James Bundy is a student at the University of St. Andrews in Scotland, the national chairman of Conservative Future Scotland, and the former chairman of the St. Andrews Conservative and Unionist Association.
Yesterday marked the opening of the Scottish Parliament after the summer recess. This was an opportunity for the SNP Government to highlight their plans for education reform, supposedly their top priority. Yet again, however, the SNP let down parents and pupils throughout Scotland.
Just before recess, John Swinney – the Scottish Education Secretary – announced that the SNP’s proposed Education Reform Bill was being dropped. Whilst I did not fully support all aspects of the planned reform, it was a step in the right direction for Scottish education. As a whole, it would have improved the standards of schools throughout Scotland, but the only way the Bill would have passed was with the support of the Scottish Conservatives. Due to their membership’s dislike of the Conservative Party, the SNP avoided relying on the votes of Conservative MSPs, even when this would have improved the lives of thousands of young Scots. This alone should highlight that the SNP will always prioritise the nationalist interest before the national interest.
Knowing that the SNP will always put independence before anything else, I was not surprised that they did not highlight the importance of education in their programme for Government. Education, in fact, only made Chapter Three. I was disappointed that education appeared to be so low down in the Scottish Government’s priorities. The level of numeracy, reading and writing skills is in decline and Scottish education is falling down the international league tables. For a nation that used to boast about having the best education system in the world, this is a sad state of affairs. It should be the goal of every politician in Scotland to make our country the best place to be education in the world once again.
For Scottish education to flourish, we need policies that are well thought out to achieve the best outcomes, not policies designed for soundbites to grab the headlines. This can be best demonstrated with the SNP’s policy of free tuition. At first glance, this seems to be a policy that will help the poorest in society. But to fund free tuition, the SNP have slashed college places – over 150,000 since 2007 – and have cut bursaries and grants. Proportionately, these services impact those on the lowest incomes the most. For a party that claims to stand up for the poorest in society, it is hypocritical for the SNP to cut them.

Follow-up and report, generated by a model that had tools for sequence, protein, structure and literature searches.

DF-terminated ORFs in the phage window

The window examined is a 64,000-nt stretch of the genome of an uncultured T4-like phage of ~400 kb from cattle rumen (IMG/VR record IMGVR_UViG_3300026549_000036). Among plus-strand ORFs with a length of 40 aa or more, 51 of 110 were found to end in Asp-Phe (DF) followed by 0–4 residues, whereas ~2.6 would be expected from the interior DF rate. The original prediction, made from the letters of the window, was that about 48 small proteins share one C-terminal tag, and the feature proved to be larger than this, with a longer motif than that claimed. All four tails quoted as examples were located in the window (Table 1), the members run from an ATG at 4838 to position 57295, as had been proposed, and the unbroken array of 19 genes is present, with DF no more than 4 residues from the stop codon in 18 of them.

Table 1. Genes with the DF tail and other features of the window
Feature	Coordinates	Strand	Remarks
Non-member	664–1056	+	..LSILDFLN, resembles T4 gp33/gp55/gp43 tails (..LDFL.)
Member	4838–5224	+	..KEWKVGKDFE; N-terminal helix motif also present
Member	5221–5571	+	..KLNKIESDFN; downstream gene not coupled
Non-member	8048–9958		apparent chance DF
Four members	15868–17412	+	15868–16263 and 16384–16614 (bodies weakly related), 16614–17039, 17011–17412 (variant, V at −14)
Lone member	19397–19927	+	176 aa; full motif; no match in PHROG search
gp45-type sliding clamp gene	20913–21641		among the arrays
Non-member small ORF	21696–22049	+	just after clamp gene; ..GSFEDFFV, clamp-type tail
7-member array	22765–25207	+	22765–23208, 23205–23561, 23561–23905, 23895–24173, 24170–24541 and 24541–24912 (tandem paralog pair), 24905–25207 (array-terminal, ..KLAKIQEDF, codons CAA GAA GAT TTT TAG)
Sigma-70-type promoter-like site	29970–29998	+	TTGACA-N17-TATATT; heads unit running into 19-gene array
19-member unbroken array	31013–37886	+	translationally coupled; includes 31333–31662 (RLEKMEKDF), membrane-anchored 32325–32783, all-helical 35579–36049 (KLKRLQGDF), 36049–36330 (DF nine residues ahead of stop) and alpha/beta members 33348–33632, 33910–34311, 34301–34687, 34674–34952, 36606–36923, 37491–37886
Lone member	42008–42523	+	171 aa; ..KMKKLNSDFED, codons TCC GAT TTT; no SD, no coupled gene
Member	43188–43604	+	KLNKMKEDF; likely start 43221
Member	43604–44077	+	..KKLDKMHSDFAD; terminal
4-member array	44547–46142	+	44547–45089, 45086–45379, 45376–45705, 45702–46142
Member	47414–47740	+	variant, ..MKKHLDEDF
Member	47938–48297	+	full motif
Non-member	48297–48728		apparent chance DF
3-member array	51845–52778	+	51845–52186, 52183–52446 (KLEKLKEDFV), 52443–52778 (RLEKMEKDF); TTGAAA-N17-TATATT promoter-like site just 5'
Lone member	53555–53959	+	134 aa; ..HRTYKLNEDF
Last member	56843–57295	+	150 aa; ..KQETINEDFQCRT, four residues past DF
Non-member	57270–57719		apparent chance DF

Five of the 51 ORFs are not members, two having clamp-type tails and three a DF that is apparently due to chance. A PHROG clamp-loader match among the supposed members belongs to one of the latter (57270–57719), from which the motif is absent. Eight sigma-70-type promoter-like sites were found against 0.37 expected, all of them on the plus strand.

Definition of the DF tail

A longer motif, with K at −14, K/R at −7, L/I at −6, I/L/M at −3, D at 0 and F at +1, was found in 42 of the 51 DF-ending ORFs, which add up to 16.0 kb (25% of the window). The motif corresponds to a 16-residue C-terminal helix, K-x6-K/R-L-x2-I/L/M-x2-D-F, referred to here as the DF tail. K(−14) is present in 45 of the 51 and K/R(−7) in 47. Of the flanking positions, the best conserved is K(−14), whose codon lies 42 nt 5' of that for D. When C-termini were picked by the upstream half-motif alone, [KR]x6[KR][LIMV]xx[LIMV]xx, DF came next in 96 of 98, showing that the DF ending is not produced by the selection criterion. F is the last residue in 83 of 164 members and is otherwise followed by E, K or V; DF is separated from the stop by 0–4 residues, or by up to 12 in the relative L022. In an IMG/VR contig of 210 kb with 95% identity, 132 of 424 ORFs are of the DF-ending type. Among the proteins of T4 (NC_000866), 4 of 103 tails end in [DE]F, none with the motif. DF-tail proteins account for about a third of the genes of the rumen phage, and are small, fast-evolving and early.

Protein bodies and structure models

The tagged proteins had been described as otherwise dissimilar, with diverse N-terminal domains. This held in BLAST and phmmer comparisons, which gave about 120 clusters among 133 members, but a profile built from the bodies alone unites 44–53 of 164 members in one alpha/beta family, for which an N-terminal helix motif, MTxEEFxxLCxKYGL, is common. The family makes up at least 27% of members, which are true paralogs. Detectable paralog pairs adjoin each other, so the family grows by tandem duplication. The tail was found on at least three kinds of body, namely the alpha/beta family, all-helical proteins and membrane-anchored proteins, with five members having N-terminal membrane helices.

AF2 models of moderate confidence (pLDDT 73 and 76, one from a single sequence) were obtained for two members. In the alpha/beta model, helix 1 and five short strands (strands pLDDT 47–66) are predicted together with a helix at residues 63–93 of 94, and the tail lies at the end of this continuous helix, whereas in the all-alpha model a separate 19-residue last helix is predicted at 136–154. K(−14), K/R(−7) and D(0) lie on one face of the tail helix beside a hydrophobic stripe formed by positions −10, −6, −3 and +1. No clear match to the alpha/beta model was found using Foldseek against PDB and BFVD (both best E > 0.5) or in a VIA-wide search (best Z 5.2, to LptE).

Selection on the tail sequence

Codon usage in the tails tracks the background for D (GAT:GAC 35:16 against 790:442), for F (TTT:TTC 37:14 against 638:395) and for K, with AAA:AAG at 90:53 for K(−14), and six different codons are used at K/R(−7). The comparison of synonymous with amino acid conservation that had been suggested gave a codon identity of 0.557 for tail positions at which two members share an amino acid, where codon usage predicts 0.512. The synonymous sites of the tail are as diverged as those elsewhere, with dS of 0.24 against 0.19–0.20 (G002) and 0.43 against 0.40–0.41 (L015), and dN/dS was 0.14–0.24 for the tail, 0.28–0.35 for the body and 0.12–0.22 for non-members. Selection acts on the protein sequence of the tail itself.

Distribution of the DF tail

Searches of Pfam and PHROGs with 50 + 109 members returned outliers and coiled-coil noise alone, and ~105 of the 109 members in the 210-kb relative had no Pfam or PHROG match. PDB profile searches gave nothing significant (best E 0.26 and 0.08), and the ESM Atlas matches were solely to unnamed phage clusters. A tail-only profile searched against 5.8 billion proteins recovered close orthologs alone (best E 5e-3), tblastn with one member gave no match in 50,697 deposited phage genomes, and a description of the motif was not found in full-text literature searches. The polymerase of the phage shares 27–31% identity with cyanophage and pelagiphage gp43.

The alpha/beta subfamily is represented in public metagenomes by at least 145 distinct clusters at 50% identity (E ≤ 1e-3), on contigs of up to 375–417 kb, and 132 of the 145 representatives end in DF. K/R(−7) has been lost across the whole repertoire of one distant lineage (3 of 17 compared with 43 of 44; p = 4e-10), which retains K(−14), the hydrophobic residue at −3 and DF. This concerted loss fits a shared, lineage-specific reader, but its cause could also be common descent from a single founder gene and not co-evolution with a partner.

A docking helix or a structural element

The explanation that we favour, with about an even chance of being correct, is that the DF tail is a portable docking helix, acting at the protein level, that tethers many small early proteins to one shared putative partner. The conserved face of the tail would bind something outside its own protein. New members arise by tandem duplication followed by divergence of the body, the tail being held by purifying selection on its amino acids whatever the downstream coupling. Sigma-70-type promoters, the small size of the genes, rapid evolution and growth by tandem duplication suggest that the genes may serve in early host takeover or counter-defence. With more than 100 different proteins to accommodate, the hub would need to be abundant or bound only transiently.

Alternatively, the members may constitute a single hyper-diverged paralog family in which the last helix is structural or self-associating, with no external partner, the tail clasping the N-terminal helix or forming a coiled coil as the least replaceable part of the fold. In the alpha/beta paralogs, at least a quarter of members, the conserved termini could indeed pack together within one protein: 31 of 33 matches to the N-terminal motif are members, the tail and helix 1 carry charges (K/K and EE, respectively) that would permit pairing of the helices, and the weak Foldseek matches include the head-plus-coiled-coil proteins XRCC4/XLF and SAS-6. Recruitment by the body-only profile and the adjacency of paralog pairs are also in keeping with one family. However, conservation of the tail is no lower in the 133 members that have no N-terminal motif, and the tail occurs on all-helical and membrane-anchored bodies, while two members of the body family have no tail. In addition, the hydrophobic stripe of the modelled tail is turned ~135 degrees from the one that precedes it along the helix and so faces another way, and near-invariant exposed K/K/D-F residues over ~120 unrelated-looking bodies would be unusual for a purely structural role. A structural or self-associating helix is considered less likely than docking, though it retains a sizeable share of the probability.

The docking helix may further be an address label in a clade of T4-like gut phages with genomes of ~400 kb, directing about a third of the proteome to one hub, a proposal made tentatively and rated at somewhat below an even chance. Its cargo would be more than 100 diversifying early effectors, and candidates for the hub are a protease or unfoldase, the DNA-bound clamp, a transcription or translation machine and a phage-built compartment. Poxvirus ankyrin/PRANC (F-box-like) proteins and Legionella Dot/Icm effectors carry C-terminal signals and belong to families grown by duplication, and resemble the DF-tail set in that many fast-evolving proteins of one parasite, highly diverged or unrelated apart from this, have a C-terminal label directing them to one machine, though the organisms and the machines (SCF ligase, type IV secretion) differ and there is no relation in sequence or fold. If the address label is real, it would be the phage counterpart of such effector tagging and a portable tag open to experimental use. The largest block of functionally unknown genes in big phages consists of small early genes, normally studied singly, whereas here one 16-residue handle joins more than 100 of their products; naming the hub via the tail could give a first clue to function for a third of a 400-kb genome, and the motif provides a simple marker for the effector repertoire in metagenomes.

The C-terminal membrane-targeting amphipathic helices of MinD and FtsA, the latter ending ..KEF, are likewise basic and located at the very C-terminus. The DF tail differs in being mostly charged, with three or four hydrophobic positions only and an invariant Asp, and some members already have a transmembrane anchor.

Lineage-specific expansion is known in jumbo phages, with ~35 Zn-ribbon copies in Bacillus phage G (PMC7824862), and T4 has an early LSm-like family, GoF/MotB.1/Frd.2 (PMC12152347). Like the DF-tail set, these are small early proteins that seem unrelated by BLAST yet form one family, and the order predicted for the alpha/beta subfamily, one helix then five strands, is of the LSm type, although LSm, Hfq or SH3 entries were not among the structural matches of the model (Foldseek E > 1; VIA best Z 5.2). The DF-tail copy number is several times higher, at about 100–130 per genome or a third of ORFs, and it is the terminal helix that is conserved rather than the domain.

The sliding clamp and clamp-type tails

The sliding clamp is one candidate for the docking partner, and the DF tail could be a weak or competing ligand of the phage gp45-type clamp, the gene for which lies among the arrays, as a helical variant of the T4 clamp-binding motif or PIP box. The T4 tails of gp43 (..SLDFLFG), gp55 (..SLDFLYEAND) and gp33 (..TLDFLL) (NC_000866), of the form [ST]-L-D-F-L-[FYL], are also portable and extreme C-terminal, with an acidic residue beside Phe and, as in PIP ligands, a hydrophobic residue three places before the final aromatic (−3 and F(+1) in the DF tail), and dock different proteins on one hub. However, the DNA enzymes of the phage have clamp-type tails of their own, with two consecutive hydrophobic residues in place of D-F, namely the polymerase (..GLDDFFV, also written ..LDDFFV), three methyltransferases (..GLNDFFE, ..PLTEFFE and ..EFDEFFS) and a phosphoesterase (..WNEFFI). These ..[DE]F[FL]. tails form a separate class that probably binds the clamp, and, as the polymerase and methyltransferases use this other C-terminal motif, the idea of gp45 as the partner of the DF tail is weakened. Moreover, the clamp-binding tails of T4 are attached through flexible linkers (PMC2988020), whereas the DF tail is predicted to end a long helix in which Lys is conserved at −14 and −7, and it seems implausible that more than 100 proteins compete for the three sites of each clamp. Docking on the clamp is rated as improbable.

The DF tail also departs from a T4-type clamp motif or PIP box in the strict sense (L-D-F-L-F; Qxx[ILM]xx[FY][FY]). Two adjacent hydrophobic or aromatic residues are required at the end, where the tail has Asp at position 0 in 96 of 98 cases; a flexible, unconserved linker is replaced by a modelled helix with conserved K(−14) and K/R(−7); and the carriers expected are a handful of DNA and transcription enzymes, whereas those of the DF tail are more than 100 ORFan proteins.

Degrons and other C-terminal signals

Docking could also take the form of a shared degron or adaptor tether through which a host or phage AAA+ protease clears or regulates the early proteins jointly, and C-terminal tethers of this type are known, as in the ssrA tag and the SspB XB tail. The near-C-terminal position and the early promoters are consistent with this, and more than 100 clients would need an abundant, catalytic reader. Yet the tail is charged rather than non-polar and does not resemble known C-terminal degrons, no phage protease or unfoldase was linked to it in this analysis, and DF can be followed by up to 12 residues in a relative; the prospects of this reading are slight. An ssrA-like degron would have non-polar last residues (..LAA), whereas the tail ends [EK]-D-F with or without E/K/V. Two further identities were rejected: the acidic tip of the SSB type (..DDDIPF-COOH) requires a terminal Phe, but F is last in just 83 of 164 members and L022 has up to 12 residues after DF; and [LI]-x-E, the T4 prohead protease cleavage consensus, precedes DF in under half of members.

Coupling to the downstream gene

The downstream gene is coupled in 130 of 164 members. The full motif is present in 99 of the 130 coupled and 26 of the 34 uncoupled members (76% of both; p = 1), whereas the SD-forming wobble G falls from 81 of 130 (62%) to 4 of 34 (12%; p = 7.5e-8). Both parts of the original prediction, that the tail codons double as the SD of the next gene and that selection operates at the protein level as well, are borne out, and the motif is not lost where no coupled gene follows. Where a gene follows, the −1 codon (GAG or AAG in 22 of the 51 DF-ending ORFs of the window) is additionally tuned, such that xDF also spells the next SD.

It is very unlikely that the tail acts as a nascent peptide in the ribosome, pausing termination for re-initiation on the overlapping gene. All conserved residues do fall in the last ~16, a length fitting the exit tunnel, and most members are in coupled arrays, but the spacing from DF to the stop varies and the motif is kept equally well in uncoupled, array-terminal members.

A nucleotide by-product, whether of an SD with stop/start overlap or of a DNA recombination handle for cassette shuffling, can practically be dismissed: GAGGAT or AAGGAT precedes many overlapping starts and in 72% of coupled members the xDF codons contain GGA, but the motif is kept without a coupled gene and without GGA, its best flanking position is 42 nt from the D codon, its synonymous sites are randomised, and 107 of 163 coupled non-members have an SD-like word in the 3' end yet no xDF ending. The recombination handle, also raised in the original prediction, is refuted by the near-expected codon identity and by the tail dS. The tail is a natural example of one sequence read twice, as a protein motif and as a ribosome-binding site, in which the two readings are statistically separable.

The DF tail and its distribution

The SNP also claim that they stand up for the people of Scotland, yet they have capped the number of Scottish courses at Scottish universities. This has resulted in young Scots being unable to apply to some courses at Scottish universities whilst their peers from outside Scotland – including those in England, Wales and Northern Ireland – have been able to apply. So whilst free tuition may appear virtuous on paper, in reality it acts as a middle-class subsidy. Rather than describing free tuition as a morally correct policy, the SNP should admit that it is actually a virtue-signalling policy.
By the age of 11, 60 per cent of the attainment gap has already developed. This clearly indicates that any policy that intends to close the attainment gap must focus on early education intervention. That is why I support the SNP’s commitment to double entitlement to funded early learning and childcare for eligible two-year olds, and all three- and four-year olds, to 1,140 hours from August 2020. This will have a positive impact on children from the most deprived backgrounds. This policy, however, is not new, it is simply being re-announced.
And it is not enough. Simply aiming to close the attainment gap is not acceptable. We should be striving for every school to provide the highest level of education it can. This will not only improve Scotland’s standing in the international league tables, but it will also close the attainment gap even more in itself. Sadly, there is nothing in this programme which shows any desire from the SNP Government to achieve this aim. The Pupil Equity Fund – another policy which had already been announced – will give a total of £120 million directly to headteachers throughout Scotland with the aim of closing the attainment gap. Surely if headteachers are capable of handling money to do this, then they are more than able to control their entire school budgets? Giving headteachers this autonomy, however, is something the SNP want to avoid, regardless of its merit, as it would require Scottish Conservative votes to pass Holyrood.
The SNP try and talk the talk when it comes to education, but their track record is abysmal. Falling standards in all ranges of subjects, the cutting of college places, and the capping of courses available to Scottish students at Scottish universities are the direct consequence of SNP policy. Yet, after 11 years of creating these problems, the SNP lack any solutions to them. This administration is looking increasingly tired by the day and has simply run out of ideas. The SNP leadership are fully aware of this and that is why they have become even more obsessed about breaking up our Union.
The Scottish Conservatives must ensure that we keep the narrative focused on the failings of domestic policy in Scotland under the SNP, particularly in education. If we do, we will ensure a better future for the next generation of Scotland.